The notorious “Poker Brat” is undeniably a player of great skill – if not great manners – with a love for the limelight. Phil Hellmuth Jr. stormed into the poker world in 1989 when he became the youngest player to win the WSOP Main Event, and almost a decade later he shows no sign of slowing down. 2007 saw him break his tie for most WSOP bracelets (which he shared for years with Doyle Brunson and Johnny Chan) when he won his 11th bracelet. All of Hellmuth’s bracelets have been won in Hold’em events.
The biggest ego in poker was born in Madison, Wisconsin, the son of an academic father who had great expectations of his oldest son. Phil Jr. had different plans, however, and dropped out of university to pursue a poker career. Hellmuth persuaded his disgruntled father to accompany him to the 1989 World Series of Poker with the promise to buy him a new Mercedes Benz if he won the Main Event – reportedly, Hellmuth Sr. has never questioned his son’s career choice again.
Hellmuth is a record setter, with the most WSOP bracelets, cashes and final tables. Although he has yet to win a WPT tournament, his 10 cashes and 3 final tables have netted him $814,869. At the time of writing his total live tournament winnings are over $10,100,000 (half of which comes from WSOP wins) and he is the 5th highest earning poker player ever.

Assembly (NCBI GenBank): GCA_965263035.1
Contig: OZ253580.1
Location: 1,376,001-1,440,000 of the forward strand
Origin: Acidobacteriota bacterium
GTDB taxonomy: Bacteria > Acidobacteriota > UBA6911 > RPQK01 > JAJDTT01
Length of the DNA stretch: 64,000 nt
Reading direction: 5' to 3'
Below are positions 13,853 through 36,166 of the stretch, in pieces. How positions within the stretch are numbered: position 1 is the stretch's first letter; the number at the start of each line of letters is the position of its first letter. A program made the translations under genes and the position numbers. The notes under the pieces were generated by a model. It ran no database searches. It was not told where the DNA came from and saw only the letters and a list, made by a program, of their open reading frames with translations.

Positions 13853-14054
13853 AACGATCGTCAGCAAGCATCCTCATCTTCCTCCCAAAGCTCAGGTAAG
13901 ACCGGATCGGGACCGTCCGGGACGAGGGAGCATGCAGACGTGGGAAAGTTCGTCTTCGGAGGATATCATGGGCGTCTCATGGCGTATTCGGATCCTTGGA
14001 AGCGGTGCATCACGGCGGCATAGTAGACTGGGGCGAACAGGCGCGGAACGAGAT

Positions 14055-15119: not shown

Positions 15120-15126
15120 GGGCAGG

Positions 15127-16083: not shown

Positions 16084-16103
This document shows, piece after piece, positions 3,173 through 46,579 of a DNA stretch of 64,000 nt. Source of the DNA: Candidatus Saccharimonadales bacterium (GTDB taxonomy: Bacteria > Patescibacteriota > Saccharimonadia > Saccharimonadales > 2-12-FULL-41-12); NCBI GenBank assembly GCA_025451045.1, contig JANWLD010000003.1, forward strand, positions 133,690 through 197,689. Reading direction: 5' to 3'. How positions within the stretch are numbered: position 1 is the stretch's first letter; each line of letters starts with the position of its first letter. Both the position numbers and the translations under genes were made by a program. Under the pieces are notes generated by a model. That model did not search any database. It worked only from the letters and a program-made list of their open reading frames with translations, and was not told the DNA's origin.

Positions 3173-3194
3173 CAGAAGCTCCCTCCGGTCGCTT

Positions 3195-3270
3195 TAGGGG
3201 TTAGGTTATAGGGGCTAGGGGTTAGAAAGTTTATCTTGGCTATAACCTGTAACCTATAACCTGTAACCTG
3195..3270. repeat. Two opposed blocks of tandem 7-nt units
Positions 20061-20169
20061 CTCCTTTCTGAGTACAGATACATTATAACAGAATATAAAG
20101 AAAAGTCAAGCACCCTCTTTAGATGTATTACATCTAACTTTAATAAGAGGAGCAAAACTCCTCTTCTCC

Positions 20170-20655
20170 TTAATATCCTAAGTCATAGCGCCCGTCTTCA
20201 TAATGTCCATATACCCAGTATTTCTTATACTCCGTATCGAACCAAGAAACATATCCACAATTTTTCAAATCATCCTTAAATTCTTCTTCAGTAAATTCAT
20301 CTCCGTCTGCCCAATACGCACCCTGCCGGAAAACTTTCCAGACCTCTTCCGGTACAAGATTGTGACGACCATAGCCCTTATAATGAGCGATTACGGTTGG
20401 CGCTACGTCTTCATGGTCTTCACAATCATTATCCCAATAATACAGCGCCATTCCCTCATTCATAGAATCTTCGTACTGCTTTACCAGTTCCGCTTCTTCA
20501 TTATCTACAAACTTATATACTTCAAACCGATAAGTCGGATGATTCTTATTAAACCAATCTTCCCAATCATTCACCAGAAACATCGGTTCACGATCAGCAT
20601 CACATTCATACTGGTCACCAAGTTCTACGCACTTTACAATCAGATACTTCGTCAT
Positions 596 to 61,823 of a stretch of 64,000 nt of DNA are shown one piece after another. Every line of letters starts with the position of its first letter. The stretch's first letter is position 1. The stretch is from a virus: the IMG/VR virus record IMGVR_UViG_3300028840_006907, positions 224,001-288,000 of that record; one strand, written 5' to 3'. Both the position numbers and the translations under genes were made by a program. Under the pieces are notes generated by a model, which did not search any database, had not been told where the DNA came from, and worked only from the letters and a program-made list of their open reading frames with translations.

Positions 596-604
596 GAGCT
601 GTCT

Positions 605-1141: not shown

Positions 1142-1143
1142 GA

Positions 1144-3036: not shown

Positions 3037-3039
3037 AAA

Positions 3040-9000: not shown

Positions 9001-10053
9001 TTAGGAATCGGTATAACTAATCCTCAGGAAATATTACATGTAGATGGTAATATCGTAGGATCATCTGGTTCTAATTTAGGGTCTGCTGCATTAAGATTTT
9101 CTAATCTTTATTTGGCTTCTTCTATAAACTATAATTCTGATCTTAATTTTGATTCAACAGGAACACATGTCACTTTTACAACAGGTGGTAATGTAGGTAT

Unfortunately Hellmuth is better known for his terrible table manners and attention-seeking pranks than for his outstanding poker abilities. A born businessman, Hellmuth has his finger in many pies including an Ultimate Bet sponsorship, several poker books (and a biography in progress,) poker training sites and software, a movie deal and several forages into fashion. A born showman, he is also considering starring in his own reality show and recently promoted a Las Vegas poker-inspired musical which reportedly features the immortal line “I can dodge bullets, baby, but I can’t dodge you.”
Married to a psychiatry professor and father of two sons, Hellmuth is not aging gracefully or fading out – on the contrary, each year finds him more rambunctious than the one before. A darling of all televised poker shows and tournaments, there is never a dull moment when loud-mouthed, diva-like Phil Hellmuth is around, but he justifies his antics – such as crashing an expensive race car or shaving his head live at the WSOP – with his devastating skill at the tables. Hellmuth, already a member of the Poker Hall of Fame, aspires to be known as the greatest poker player of all time, and regardless of his behavior he may yet get there.
Hellmuth’s game analysis (by Barry Greenstein):
- Aggressiveness: 7
- Looseness: 7
- Short-handed: 7
- Limit: 6
- No-limit: 7
- Tournaments: 7
- Side games: 3
- Steam control: 2
- Against weak players: 8
- Against strong players: 5